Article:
The Honda NSX is coming back for a third generation, and it’s likely to be electric.
As for what will power it? Mr Ikeda hinted at what to expect, although he stopped short of confirming electric power outright.
“The first-gen was gas. Second-gen was a hybrid. There’s gonna be another one,” he told The Drive.
The current NSX is on its way out the door with a Type S special.
The swansong NSX made its debut at Monterey Car Week. Every 2022 NSX will be a Type S.
Total system outputs have been bumped up to 447kW of power and 667Nm of torque, up from 427kW and 646Nm in the standard car.
There are new fuel injectors and new intercoolers, plus new turbochargers shared with the NSX GT3 Evo that increase peak boost pressure from 15.2 to 16.1 psi.
Battery capacity is up by 20 per cent, while there’s a revised gear ratio for the Twin Motor Unit that powers the front wheels and provides active torque vectoring. Honda says this in turn gives the NSX a more powerful launch.
Honda claims the 2022 NSX Type S laps the Suzuka Circuit in Japan two seconds faster than a 2021 NSX.
The nine-speed dual-clutch automatic transmission has been retuned, with a new Rapid Downshift Mode that allows you to skip several gears at a time by holding down the downshift paddle in Sport, Sport+ and Track modes.
Revised programming means now, when upshifting in Sport and Sport+ modes, the clutch is engaged up to 50 per cent faster than before.
The rev threshold for downshifts in Track mode has also been increased by 1500rpm.
The Intake Sound Control and Active Sound Control have also been retuned for a “more integrated engine note”, though a Quiet Mode means you can operate the NSX in pure electric mode for extended periods even if you’re more forceful with the accelerator pedal.
The adaptive suspension and SH-AWD system have also been retuned for reduced body roll and brake dive, while braking is handled by six-piston front and four-piston rear Brembo brakes.
The swansong model is recognisable by its more aggressive front and rear styling with more angular air intakes and a reshaped spoiler and grille up front, plus a larger carbon fibre diffuser at the rear.
The mirrors, door handles and badges are finished in gloss black, while the headlight and tail light lenses are tinted and the engine cover is finished in red. Each model will have a numbered plaque mounted to the engine cowling.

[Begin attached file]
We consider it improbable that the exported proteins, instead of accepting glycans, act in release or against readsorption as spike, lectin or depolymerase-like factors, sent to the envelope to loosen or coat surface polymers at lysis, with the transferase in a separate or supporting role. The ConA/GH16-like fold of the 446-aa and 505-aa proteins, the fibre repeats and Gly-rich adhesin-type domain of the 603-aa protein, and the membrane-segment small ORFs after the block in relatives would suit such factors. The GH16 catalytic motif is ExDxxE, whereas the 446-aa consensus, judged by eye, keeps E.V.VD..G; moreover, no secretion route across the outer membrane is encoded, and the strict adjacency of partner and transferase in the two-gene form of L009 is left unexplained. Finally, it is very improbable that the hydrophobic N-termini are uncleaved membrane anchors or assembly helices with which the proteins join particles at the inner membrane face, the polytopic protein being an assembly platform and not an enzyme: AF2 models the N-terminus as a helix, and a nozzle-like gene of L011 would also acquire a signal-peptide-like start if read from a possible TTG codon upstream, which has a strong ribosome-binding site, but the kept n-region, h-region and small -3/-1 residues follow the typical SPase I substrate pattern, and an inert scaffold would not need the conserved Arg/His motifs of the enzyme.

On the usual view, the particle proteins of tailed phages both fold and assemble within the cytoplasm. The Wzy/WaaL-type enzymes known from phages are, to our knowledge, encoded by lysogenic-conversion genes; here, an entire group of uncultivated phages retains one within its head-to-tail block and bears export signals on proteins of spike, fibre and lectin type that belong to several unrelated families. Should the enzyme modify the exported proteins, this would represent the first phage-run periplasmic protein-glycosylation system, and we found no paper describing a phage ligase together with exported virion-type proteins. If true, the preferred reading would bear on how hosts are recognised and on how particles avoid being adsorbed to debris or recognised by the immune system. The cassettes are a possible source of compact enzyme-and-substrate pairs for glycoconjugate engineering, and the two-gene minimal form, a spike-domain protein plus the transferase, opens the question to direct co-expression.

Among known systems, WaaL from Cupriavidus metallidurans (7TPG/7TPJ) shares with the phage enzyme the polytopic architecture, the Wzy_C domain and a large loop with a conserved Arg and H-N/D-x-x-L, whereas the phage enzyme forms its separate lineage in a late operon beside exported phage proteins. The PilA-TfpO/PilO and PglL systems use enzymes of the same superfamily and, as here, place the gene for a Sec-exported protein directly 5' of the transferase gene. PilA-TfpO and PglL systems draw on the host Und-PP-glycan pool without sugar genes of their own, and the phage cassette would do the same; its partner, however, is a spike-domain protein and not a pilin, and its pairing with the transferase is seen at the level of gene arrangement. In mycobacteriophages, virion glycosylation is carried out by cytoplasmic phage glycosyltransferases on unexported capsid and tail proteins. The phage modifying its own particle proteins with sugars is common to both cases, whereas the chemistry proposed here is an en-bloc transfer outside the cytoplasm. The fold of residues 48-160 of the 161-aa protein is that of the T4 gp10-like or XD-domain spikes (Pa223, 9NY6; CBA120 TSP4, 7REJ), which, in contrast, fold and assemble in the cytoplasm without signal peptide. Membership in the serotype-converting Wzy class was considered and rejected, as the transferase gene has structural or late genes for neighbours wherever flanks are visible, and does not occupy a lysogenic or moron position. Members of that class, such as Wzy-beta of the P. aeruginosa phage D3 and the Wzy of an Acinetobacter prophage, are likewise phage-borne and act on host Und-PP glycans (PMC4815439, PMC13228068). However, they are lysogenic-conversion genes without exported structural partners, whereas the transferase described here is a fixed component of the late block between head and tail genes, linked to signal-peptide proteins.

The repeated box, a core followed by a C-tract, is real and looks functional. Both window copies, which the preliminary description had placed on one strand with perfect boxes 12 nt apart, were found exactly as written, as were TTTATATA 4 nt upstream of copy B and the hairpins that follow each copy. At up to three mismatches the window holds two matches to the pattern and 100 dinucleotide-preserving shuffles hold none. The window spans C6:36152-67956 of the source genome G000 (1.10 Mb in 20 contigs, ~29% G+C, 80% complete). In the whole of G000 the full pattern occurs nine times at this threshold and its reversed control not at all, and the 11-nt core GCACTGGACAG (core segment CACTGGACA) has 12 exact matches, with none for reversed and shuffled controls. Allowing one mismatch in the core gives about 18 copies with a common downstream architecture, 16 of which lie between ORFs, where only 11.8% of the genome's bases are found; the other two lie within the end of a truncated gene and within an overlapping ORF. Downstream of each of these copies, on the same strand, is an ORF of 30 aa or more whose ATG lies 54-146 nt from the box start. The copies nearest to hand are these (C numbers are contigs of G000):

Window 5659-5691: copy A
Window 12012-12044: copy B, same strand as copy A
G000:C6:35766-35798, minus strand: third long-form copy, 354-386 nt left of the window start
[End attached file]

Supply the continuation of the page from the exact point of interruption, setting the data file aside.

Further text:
The Type S features unique five-spoke forged alloy wheels in stickier Pirelli P-Zero tyres – 245/35ZR19 up front, 305/30ZR20 at the rear – as well as a standard carbon fibre roof.
The rear spoiler and side sills also employ carbon fibre.
An optional Lightweight Package adds a high-gloss carbon fibre engine cover and carbon ceramic brakes, plus carbon fibre accents in the interior.
Overall, the package shaves 26.2kg off the kerb weight. It costs an extra US$13,000 (A$17,708) in the US-market model.
Inside the Type S, there’s an Alcantara headliner, plus a choice of three different Alcantara and semi-aniline leather upholstery combinations. Full semi-aniline leather seating is also available.
Just 350 examples will be produced at the Performance Manufacturing Center in Ohio, with 300 staying in the United States where the NSX is sold under Honda’s luxury brand name, Acura.
70 of these will wear a new Gotham Gray matte paint finish.
None of these models will be coming to Australia, with Honda having already discontinued the NSX in 2020.
Acura (and by extension, Honda) says it isn’t done with sports cars.
“Acura is a performance brand, a company of enthusiasts, and we will continue moving forward, actively investigating what the next generation of sports cars should be in an electrified era,” said vice president and Acura brand officer Jon Ikeda.
Honda’s luxury brand has been rolling out sportier Type S models across its range, including in the TLX mid-sized sedan and MDX large crossover.
This will be the first time the a Type S-badged NSX has been sold outside of Japan.
Honda produced 209 examples of the first-generation NSX Type S between 1997 and 2001.
It featured a mix of lightweight and cosmetic enhancements, including BBS aluminium wheels, a lightweight rear spoiler, Recaro carbon-kevlar seats upholstered in leather and Alcantara, a lighter battery, and manual rack-and-pinion steering. It also used a thicker rear sway bar and stiffer front dampers.
The changes shaved 45kg off the weight, though you could add much of this back on by ticking the option boxes for things like power steering.
The US market received a similar model called the Alex Zanardi Edition, named after the race car driver, of which just 51 examples were produced.
Honda also produced 30 examples of the Type S-Zero for Japan, which deleted features like cruise control, airbags, and a stereo and removed much of the sound deadening to cut total weight by 50kg over the Type S.
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